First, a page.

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21.2 Diesel Engine Swaps

I'm starting here because to me this is the swap that makes the most sense for a rock-crawling machine and is probably the least explored. As you'll figure out shortly, I'm pretty opinionated on this one and I welcome anyone to dispute my views. I believe that diesel engines are superior to gas ones for offroad use for many reasons. They tend to make usable torque at much lower engine speed than gas engines. This means you don't need nearly as low a crawl gear. They also feature a much flatter torque curve. There is no ignition system to fail because of moisture. They are not as affected by altitude, in fact, turbocharged diesels are virtually immune to altitude. In most cases, even though they have all the advantages of a fuel injected engine, such as the ability to run at extreme angles, they rely on mechanical injection which is considerably simpler than electonic injection. Diesel engines also tend to get much better fuel economy and greater cruising range than gas engines of similar displacement.

There are three commonly available engines that are suitable for swapping into Land Cruisers. Probably the biggest obstacle to the conversion is finding the engine itself. The GM engines are the only ones listed here that are available in light-duty automotive applications. The others are all industrial/medium duty truck engines. These motors tend to be snapped up as soon as the vehicle they were in is wrecked and rebuilt by companies with exclusive licenses. Unless you're willing to pay top dollar for a rebuilt unit (not a bad idea) you have to somehow find a way to intercept a motor before the rebuilders get their hands on it.

The most easily obtained is the GM 6.2l diesel. A conversion kit is available from Mark's Adapters in Australia to mate a GM diesel to a Land Cruiser 4 speed manual or automatic transmission. The GM V8 supposedly weighs about as much as a big block, so pretty close to the weight of a 2F. The L65 is found in C/K 2500HD trucks, C/K 3500 trucks and C/K 2500 Suburbans. The L56 is found in C/K 1500 trucks. C/K 2500 LD Trucks, K1500 Blazers/Tahoes/Yukons, and C/K 1500 Suburbans. The 6.2l is found in all pickups and Suburbans, and in Chev/GMC P30/P3500 step vans.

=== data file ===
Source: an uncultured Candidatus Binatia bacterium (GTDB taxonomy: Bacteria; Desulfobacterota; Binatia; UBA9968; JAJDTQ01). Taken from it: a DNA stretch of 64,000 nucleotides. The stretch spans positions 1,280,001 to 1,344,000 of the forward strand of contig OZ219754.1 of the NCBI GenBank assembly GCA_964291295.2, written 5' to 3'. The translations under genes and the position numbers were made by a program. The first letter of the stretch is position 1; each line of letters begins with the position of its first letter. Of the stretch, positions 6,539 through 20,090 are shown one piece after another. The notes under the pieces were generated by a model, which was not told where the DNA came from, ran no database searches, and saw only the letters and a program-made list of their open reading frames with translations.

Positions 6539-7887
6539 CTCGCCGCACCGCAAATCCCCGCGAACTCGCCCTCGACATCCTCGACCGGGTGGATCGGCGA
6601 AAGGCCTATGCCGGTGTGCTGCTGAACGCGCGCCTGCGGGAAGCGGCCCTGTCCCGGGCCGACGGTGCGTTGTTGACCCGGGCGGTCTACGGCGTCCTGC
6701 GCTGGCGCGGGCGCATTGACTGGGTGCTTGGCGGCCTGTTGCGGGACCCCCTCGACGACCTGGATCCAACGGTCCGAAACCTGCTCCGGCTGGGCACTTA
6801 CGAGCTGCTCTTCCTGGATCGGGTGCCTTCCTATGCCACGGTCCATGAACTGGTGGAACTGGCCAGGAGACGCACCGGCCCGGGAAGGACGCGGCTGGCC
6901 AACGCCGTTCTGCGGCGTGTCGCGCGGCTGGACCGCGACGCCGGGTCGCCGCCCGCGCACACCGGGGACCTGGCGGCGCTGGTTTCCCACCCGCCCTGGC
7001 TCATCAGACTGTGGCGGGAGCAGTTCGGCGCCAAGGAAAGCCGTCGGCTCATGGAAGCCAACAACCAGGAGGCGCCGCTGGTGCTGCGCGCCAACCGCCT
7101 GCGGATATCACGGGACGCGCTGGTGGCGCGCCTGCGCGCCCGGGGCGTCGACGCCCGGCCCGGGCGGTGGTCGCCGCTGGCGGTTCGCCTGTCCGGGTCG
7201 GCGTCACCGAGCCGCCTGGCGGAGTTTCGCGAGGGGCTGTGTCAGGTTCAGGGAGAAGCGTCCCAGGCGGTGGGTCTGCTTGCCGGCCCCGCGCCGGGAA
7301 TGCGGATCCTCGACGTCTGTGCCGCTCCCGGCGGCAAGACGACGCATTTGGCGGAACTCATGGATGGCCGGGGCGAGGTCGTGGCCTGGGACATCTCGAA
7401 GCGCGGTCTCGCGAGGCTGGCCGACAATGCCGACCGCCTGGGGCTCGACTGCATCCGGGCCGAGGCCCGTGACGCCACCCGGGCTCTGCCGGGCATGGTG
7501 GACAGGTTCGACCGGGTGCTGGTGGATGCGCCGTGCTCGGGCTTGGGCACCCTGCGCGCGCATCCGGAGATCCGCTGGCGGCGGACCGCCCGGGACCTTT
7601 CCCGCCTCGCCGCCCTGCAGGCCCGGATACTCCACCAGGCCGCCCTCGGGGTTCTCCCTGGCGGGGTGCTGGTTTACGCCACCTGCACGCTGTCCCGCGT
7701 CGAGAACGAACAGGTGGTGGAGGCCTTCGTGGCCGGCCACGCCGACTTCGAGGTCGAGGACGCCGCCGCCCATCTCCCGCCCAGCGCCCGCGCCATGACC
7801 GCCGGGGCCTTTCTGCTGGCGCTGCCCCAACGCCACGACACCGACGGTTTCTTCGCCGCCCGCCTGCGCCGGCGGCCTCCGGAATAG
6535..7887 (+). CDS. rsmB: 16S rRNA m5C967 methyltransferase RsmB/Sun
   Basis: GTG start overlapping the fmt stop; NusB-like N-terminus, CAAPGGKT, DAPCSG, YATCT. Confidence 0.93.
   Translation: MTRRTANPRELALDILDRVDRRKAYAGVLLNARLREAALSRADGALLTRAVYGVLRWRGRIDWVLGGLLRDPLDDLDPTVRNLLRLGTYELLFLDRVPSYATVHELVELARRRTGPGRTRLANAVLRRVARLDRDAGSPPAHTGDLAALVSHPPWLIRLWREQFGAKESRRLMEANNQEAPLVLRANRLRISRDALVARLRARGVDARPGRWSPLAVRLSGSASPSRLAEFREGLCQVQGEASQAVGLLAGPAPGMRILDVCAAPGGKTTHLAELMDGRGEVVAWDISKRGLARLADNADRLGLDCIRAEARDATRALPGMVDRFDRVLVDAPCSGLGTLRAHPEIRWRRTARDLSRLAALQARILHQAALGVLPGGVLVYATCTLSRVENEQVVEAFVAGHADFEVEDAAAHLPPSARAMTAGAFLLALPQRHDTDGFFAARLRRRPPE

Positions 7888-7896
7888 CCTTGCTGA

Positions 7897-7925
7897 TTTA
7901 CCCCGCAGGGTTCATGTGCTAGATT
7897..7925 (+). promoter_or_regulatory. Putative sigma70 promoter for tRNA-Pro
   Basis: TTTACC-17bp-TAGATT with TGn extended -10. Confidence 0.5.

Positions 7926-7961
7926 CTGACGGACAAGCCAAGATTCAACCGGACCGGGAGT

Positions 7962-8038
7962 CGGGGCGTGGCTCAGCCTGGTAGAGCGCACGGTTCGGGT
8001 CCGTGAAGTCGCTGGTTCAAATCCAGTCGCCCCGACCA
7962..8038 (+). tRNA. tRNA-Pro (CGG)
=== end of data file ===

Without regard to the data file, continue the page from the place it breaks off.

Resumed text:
The 8th digit in the VIN of the donor vehicle indicates the motor type:

6.5LT (L56)S
6.5LT (L65)F

The GM 5.7l is without a doubt the worst diesel engine ever cobbled together. It is the Olds 350 gas block that was converted to diesel. Probably 99% of these motors have been blown apart for at least 10 years, but some may still be kicking around. If someone offers you one, they are NOT your friend.

A slightly more rare engine that I see as being a better match to a Land Cruiser is a Cummins B3.9 litre turbo diesel. It was used in among other things, Ford E350 cube vans, and Case 580 Tractors.

PowerMark used to offer a conversion kit (p/n RK9525G) that was designed to allow you to bolt in a B3.5/5.9 in place of a GM 292 I6 or 350 V8 in GMC cube vans. In order to put this engine into a LC using the stock transmission, you would simply need to get the motor mounts/bellhousing Advance Adapters sells for putting a V8 in and use the Cummins engine instead, as well as possibly having to modify the supplied intake system and radiator hoses. Unfortunately, PowerMark has now gone out of business. Fleet Supply has bought up the remainder of their stock and plans to continue production. They also plan to introduce a kit for Chev/Ford pickups. The kits should be available from your friendly neighbourhood Cummins dealer.

I think the Cummins B5.9, as used in Dodge Ram is definitely too heavy to put into a 40 series, and is a little heavy for a 55/60/80 series. It is also a little on the long side. The above mentioned kit would also work for a B5.9.

The best diesel swap into an FJ40 I've ever seen is the Isuzu 3.9l diesel, model number 4BD1T. Two of its applications were in Isuzu NPR series cab-forward trucks, and LINK-BELT LS2700CII (4BDIT). I also believe it was used in the GM Forward 3000-4000 series trucks. There are two paths for putting an Isuzu diesel into a Land Cruiser. The first involves a factory Isuzu adapter bellhousing. It is designed to mate any SAE #3 flywheel cover to a GM manual transmission with a 5.125" bore (SM420). The bellhousing bears the casting number WF 150015. Unfortunately, this bellhousing has recently been discontinued. There are still some around--try your local Isuzu dealer. A better option is an adapter ring. I have yet to locate a commercial source for these--the one I've seen was made years back by a company that has since gone out of business. The ring allows a GM bellhousing with a 350 bolt pattern to be attached to an SAE #3 flywheel cover. Using the adapter ring, it would be possible to attach the 4BD1T directly to a Toyota transmission with an Advance adapter Chev->Toyota bellhousing.